Wednesday, July 20, 2011

You know those Mummy instincts...?

If there's one thing most autism parents share, it's experiencing a gnawing feeling in your gut, telling you that something isn't quite right with your treasured beautiful child. Some of us felt it before birth, some of us felt it once schooling hit, some of us felt it somewhere in between.

For many of us, it was the point where we felt a whole new us growing. The growly warrior lion Mama version of ourselves started to take shape, as we hugged our tiny kids as if we could use their little bodies to squish the gnawing feeling away.

Then, we grabbed their little hands and we started the rounds of doctors and therapists and those odd experiences where you walked into someone's rooms and went, 'Oh man, this place sucks' and spent the whole time trying to plan a graceful exit.

In our family, we could see that the 'outside world', the place where we lived, loved and thrived, was massively stressful to Billy. As a foetus he covered his eyes and ears from the ultrasound. As a baby he cried when anyone raised their voices (no matter what their emotional state). As a pre-schooler he hid in the back of the room. As a primary school kid, he was sick more than not as he struggled to function in a noisy classroom. 

No medical professional ever encouraged us to follow our instinct to protect him from the things that stressed him. In fact, they recommended the opposite. Despite their suggestions (which we were forced to try), we have fought, all his life, for the right to respect his need for calm, security and personal safety.

All parents have the lion tendency. I really believe that being a special needs parent, and especially an autism parent, brings out a whole new set of protective (sometimes angry, often innovative ) instincts. And this is why.

If we compared the dynamic body of information we have about expected child development to the actual concrete irrefutable knowledge we have about autism, we'd be comparing the Encyclopaedia Britannica with an Archie comic. By which I mean (should you be confused, as many are by my ravings) we do not know much about autism at all. And much of what we do 'know' is verging on the comical.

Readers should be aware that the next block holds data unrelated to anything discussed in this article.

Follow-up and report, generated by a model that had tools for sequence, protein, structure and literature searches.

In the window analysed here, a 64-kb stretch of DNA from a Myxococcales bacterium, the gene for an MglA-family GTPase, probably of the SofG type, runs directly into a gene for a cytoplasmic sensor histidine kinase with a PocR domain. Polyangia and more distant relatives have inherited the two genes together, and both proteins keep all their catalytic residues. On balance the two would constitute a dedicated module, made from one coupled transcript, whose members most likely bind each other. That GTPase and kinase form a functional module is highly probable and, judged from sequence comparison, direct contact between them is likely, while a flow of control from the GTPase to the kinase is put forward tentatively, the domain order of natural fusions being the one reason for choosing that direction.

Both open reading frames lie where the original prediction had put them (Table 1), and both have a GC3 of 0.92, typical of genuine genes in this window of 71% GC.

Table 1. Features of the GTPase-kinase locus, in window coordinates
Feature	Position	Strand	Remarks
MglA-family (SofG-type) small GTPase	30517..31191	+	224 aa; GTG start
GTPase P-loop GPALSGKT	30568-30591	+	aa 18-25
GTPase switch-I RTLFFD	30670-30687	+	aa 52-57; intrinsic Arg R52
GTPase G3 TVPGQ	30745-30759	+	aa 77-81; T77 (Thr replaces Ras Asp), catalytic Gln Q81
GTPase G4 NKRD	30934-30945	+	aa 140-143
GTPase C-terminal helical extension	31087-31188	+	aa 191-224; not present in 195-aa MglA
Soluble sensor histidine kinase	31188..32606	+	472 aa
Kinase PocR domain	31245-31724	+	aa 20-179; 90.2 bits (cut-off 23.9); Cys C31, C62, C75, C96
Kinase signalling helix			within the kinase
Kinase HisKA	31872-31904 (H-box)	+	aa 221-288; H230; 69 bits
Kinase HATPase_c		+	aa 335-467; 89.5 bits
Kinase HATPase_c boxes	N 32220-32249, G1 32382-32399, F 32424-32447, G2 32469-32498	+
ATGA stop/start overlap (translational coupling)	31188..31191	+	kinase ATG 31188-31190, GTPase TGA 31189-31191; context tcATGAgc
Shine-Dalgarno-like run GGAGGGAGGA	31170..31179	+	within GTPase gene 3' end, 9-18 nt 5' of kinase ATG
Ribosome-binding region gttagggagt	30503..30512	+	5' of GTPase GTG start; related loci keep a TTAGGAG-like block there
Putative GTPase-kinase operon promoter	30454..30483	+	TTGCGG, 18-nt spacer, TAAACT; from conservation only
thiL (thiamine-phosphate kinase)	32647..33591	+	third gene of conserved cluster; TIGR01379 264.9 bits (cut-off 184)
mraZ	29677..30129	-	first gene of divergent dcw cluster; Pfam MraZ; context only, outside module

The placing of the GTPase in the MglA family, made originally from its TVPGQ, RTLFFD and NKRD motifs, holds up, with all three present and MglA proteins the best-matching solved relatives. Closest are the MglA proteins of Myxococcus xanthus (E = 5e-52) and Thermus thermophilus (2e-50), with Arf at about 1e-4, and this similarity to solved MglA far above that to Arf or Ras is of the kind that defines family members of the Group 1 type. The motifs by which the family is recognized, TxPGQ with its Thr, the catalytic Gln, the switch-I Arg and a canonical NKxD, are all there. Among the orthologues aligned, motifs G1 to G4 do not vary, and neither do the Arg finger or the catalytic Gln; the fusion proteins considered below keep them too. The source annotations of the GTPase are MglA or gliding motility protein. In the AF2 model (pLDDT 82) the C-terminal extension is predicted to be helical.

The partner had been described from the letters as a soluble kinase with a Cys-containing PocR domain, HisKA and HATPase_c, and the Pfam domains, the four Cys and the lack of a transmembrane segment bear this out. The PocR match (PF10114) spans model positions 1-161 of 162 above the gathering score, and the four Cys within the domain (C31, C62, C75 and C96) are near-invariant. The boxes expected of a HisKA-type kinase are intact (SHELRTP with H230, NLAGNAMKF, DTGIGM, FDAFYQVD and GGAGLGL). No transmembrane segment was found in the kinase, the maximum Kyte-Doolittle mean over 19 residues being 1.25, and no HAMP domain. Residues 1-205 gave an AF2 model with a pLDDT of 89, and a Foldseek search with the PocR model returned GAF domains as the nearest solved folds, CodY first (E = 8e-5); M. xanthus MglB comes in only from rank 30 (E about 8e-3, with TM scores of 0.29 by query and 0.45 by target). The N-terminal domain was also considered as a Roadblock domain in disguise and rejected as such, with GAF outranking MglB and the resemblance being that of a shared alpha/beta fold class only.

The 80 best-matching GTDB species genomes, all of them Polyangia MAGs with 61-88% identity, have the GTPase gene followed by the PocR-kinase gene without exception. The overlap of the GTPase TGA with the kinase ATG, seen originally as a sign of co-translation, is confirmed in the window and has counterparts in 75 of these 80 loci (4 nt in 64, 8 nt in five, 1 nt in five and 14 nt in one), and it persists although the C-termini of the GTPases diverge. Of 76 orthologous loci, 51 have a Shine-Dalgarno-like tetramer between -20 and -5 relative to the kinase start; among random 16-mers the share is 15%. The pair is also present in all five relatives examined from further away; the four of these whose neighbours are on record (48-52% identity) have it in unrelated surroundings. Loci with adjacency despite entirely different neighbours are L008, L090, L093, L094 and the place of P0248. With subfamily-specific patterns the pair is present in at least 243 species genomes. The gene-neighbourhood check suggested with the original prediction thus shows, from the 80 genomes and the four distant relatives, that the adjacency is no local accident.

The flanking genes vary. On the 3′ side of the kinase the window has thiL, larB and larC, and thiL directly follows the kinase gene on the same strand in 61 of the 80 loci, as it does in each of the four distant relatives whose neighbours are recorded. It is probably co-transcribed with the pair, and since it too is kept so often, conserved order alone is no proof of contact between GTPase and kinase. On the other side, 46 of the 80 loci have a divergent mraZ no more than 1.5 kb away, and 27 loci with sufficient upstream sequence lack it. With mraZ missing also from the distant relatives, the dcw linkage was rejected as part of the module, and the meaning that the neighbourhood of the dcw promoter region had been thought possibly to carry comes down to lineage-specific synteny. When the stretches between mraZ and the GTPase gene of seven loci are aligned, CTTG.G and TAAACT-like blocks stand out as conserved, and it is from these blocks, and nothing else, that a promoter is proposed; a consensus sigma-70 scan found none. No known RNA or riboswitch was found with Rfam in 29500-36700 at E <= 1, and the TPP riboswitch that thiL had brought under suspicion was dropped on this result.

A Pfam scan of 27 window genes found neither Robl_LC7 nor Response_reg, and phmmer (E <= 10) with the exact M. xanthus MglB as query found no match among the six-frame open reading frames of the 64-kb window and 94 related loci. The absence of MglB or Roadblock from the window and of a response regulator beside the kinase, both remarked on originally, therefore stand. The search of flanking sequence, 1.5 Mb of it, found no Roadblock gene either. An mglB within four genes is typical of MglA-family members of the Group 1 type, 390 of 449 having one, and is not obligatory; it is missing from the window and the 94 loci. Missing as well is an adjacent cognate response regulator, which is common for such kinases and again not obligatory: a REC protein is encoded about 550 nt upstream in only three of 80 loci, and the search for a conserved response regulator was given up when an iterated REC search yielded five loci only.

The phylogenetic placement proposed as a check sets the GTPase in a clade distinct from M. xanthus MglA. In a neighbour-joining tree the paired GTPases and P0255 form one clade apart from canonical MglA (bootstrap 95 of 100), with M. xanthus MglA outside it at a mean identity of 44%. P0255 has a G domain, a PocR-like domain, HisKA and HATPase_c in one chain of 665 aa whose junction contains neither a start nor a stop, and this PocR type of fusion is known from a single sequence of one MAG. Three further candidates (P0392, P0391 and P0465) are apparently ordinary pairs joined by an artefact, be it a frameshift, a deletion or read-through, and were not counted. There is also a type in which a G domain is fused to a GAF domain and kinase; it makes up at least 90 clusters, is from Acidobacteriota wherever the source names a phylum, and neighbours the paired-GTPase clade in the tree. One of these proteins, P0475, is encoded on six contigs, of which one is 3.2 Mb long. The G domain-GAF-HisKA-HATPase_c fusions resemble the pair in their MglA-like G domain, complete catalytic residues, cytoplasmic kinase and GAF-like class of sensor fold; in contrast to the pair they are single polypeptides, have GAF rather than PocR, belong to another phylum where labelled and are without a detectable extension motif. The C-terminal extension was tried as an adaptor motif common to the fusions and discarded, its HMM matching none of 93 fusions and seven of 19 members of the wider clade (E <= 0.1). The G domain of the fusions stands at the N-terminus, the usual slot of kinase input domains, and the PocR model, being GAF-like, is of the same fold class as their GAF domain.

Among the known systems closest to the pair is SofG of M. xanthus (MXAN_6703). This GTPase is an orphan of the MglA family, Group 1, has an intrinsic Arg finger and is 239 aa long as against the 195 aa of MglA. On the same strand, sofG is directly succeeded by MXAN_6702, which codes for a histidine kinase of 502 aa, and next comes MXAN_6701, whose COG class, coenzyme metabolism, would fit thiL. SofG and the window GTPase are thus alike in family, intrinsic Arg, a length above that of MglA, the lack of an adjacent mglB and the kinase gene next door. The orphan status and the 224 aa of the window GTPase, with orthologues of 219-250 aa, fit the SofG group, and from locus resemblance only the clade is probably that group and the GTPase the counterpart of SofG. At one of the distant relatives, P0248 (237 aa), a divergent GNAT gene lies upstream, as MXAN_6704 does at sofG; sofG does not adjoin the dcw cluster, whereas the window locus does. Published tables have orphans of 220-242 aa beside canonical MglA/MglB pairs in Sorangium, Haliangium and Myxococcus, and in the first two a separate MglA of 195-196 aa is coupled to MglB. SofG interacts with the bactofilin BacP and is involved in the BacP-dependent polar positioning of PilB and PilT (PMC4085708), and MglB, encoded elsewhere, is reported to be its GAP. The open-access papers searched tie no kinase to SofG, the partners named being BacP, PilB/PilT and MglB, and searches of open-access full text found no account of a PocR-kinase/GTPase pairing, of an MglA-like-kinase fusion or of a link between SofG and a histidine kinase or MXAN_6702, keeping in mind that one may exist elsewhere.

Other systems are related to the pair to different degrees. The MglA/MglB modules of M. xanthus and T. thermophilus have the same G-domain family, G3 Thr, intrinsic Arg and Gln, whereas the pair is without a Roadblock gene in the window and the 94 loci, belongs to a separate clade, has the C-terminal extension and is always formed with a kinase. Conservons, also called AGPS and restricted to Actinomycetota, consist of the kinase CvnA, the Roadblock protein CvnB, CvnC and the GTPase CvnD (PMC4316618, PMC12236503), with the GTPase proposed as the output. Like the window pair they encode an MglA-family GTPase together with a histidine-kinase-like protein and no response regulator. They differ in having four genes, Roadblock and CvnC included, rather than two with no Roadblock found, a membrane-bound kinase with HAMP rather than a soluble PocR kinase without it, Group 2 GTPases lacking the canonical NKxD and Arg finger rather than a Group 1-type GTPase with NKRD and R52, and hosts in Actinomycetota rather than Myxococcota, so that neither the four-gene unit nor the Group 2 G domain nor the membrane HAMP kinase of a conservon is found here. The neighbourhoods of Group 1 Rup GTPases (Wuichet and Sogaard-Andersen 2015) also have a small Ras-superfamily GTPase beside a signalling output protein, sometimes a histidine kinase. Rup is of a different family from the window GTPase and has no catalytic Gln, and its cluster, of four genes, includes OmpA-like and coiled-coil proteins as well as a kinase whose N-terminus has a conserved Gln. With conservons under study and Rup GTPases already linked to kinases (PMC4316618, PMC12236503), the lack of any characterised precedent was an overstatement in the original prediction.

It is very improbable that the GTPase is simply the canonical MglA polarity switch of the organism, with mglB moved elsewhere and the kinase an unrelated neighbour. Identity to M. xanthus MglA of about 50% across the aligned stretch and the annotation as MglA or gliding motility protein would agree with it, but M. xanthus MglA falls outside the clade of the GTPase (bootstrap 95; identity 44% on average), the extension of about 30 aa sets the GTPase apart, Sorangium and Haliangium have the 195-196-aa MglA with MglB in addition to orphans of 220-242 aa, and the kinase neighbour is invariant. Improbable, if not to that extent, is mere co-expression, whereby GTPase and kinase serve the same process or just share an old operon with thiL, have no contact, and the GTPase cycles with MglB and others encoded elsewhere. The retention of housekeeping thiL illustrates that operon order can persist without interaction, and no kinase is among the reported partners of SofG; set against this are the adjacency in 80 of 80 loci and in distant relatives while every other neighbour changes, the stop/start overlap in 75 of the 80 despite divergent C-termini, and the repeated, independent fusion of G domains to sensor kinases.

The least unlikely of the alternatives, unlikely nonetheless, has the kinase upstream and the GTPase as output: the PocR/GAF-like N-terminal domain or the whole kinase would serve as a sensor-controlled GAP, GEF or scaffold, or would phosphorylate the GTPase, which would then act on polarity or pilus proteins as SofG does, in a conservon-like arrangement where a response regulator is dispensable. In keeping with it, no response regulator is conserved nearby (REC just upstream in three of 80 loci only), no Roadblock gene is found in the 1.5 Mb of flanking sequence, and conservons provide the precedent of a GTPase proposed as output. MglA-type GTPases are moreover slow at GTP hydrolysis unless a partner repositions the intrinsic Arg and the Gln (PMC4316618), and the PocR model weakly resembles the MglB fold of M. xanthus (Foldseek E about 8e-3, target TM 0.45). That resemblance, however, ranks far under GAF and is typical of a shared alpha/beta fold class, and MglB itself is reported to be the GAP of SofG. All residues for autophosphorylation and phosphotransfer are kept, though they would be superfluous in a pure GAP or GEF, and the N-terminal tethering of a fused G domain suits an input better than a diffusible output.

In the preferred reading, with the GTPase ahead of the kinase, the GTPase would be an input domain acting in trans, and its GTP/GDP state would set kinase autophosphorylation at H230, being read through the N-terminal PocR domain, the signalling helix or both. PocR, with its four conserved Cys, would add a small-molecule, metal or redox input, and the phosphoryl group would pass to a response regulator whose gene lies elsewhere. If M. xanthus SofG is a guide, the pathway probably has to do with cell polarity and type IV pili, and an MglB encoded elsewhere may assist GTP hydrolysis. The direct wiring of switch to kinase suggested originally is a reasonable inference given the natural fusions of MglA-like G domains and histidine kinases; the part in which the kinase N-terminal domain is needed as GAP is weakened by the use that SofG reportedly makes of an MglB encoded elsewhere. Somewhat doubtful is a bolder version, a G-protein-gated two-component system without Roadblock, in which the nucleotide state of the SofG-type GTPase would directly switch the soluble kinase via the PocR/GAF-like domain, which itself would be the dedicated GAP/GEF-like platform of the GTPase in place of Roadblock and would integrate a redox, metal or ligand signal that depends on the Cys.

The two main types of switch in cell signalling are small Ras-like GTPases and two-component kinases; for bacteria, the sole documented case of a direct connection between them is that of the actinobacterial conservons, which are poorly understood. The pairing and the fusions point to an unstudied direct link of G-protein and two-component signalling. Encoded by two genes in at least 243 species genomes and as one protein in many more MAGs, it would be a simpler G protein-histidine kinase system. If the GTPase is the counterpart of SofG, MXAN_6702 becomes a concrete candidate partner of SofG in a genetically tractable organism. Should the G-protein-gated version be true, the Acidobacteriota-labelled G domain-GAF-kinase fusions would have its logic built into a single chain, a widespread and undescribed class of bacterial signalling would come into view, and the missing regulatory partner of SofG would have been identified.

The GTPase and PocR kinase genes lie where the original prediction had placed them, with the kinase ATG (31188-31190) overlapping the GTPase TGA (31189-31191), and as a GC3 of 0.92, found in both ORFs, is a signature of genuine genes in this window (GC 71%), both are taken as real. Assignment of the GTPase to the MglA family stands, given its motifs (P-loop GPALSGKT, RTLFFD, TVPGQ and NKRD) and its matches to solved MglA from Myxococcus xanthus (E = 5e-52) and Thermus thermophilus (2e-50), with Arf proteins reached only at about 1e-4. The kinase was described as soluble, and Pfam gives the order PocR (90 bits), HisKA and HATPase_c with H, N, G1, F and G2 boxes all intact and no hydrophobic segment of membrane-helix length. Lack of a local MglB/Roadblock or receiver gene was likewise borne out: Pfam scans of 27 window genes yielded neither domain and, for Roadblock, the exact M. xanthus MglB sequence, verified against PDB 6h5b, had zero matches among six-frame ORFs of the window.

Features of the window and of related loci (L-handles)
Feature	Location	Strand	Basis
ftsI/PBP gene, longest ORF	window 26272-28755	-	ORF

If one more person says to me, 'But haven't they proven vaccines and autism are unrelated' (insert any other nugget of autism related information if you wish), I will start random punching. Or I will scare that person by asking questions like, 'Who are they exactly?' and 'What  do you mean by proven?' and 'Do you believe everything you read on Facebook, 'cos I'm fairly sure that the Dad who got the shock of his life or the vision of the baby being born that supposedly no-one can watch more than 25 seconds of, is actually 'true'.  Then for a final conversational wrap up, I will invite them to prepare a dissertation on their favourite definition of the word 'truth'... while I walk away and make a stiff gin and tonic (I need to research how to stiffen gin, but I'm sure the truth is out there somewhere on the internet).

Every doctor we see has a different, and generally strident opinion on all things autism. It makes it rather fun when you take your child in for a consultation. In the six odd years we've been doing this, it is the exception (as opposed to the rule) that I've walked out of a doctor's office going, 'What an inspiration, that doctor really cares/knows something/changed my mind.'  Generally speaking, the first rule of Doctor Club is 'Dismiss what parent is saying.' You don't need to be Brad Pitt to work out the second rule.

I go in with multiple questions, and I watch their eyes glaze over with fear, judgement or anger. I see them looking for my tin foil hat (Doctor says: what do you mean you don't use cleaning chemicals... what's your problem with nitrous oxide... fluoride is great stuff). I hear the tone of their voice shift when I ask that my son's blindingly obvious heath issues could use some sustained, ongoing attention (Doctor says: yeah, kids with autism often vomit for sensory stimulation... don't you know kids with autism get more gastro upsets than other kids cos they're always eating sticks and stuff... oh, yeah, he's withholding poo because he's learned you'll help him anyway). I watch their faces go red as they tell me to calm down, and accept that my hospitalised child is perfectly capable of sleeping alone in a shared ward without a parent there, with the TV turned off and with a pre-prepared hospital 'meal' for nourishment.

Some try, some fight, some use helpful vague phrases like, 'The interaction between the body, the brain and the environment is a complex one.'